Program designed to help students cope with stress

A new program called GRIT sponsored by the Counseling Center can help prevent students from being overwhelmed with the amount of work they have.

GRIT is defined as “persevering in face of adversity/struggle and being resilient,” said Anthony Rivera, clinical director and psychologist at the Counseling Center.

The GRIT program is fairly new, with the very first GRIT week held last semester. Each GRIT week has a different theme and lasts for one week.

“This semester our theme is the acronym GRIT,” said Rivera. “Monday was get roaring in ten, Tuesday was get real in ten, Wednesday was get resilient in ten, Thursday was get recharged in ten and Friday was get rolling in ten.”

Each day of GRIT week had a different activity to target different areas of how “gritty” students are.

“There was a new concept each day.” said Patricia Helyer, student assistant and advocacy specialist at the Counseling Center. “We think it’s important for students to tap into their strength and perseverance but relaying that outside of athletics and more into literal strength.”

GRIT week was designed after the Counseling Center staff found new research that said peoples’ knowledge level is irrelevant to success.

“We read about a college in Michigan that is changing their admissions requirements about SAT’s and GPA because that doesn’t determine how smart a student is,” Helyer said. “After that, we found more research that said your level of knowledge doesn’t lead to success; it’s about how hard you work. You can achieve success through hard work and determination.”

Monday’s GRIT week activity began with roaring, which had students write down a negative thought, shred it and replace it with a positive one. Tuesday was real, with students taking a survey about taking off the ‘masks’ they show to the world daily and being challenged to be authentic. Wednesday was resilient, with a maze based on memory set up for students to complete and if they messed up, they had added difficulty with SWC pipes and weights to show their grit and ability to persevere. Thursday was recharge, having students spin a wheel and practice stress coping skills like yoga, deep breathing and meditation. Friday was rolling in honor of Falcon Fridays that had students write down how they would achieve personal goals.

The ten in this semester’s GRIT week represents how long the students had to do the activity.

“Most students don’t have an hour to exercise or deep breathe, so we designed activities that are quick, simple and effective for them to do,” Rivera said.

While GRIT Week is sponsored by the Counseling Center, they purposely left the Counseling Center’s name/logo off of their t-shirts and out of most promotion.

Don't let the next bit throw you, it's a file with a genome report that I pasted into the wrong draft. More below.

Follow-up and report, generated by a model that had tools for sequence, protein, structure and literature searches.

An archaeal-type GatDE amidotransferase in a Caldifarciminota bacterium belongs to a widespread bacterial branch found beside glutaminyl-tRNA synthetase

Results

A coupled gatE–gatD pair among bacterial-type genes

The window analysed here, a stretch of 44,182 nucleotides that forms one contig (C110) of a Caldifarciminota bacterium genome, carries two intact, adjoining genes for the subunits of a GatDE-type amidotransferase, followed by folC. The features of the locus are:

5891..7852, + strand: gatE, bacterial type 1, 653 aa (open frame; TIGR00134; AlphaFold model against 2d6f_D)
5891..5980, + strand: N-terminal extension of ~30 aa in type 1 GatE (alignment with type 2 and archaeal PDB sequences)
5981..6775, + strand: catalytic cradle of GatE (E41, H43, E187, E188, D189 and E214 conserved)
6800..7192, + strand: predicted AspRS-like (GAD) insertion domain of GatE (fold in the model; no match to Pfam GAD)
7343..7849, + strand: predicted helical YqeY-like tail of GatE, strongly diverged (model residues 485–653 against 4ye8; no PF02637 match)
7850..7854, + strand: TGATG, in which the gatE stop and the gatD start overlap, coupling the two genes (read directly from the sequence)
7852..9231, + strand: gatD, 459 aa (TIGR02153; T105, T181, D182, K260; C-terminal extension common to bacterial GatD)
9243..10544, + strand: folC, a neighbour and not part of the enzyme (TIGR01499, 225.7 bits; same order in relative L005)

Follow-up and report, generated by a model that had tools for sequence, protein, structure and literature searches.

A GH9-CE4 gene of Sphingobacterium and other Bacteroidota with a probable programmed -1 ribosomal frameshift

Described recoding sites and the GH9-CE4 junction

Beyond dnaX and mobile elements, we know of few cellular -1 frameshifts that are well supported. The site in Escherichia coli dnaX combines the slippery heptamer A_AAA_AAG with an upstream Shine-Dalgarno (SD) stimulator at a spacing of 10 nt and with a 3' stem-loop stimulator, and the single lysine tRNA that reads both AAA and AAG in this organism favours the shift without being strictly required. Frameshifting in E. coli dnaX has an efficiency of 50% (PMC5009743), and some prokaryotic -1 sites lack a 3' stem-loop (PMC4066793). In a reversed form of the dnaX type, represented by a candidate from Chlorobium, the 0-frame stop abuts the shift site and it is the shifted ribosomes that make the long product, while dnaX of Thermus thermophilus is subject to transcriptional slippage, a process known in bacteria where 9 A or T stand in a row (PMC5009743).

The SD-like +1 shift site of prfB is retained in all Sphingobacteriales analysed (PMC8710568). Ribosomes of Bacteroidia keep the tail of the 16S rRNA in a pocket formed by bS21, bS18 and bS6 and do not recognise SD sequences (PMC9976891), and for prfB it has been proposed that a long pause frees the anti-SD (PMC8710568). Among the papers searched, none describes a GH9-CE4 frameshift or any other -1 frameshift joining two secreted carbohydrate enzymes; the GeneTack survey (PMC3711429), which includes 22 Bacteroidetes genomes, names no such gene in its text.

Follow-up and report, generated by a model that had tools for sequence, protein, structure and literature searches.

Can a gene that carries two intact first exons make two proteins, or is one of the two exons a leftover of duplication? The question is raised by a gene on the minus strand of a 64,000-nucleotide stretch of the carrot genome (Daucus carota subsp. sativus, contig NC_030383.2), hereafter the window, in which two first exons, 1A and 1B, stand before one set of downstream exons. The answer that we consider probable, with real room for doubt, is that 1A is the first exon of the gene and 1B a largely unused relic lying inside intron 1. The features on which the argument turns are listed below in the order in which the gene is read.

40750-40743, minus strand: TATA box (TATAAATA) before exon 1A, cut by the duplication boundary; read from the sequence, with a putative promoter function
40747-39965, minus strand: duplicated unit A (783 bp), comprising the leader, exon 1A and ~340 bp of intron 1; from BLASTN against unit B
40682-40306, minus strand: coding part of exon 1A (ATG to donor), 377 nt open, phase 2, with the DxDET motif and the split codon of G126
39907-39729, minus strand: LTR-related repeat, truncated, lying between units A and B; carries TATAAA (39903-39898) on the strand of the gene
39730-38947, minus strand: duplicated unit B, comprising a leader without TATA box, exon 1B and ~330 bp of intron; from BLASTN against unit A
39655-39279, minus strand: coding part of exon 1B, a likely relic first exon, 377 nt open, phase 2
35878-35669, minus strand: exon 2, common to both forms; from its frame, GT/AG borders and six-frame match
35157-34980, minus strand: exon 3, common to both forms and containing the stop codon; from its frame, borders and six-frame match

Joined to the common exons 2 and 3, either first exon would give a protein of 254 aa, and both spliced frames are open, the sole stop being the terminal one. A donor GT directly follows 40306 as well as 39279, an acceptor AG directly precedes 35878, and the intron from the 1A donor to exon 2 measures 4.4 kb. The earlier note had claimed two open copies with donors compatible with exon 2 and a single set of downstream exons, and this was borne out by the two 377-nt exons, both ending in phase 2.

“We did that because we wanted students to participate in Grit Week without being scared off by the Counseling Center,” Rivera said. “Students equate counseling with mental illness, which is partly what we specialize in but it’s the stigma, so we wanted to eliminate that.”

GRIT Week has been well received by students so far.

“Students have been really open and receptive to doing the activities and having fun in the process,” Helyer said. “We ask them for permission to post their picture on Facebook and in return they can get a tshirt, popcorn and other prizes.”

Although GRIT Week features simple activities designed to test grit and strength, if a students is struggling with mental illness or other obstacles, the Counseling Center is here to help.

“We’ve had students do the activities and then privately tell us they need help, which is fine,” Rivera said. “We want to help erase stigma, and the [CC] deals with more than mental illness. We have a counselor interested in drug and alcohol addiction, one in social justice issues, one for LGBTQ+ and so on. We have people that can help with anxiety or feeling overwhelmed, everything.”

Junior Rayia Gaddy said GRIT Week helped her with strength to face the rest of the semester.

“The activities were fun and simple but they carried a deeper message and relieved some stress for me,” Gaddy said. “I enjoyed it.”

The Counseling Center sees success and new GRIT Weeks in the semesters to come.

“We got a lot of good feedback from the students, so this summer at our counselors’ retreat we’ll analyze it and re-tool anything if needed,” Helyer said. “It’s all about the students.”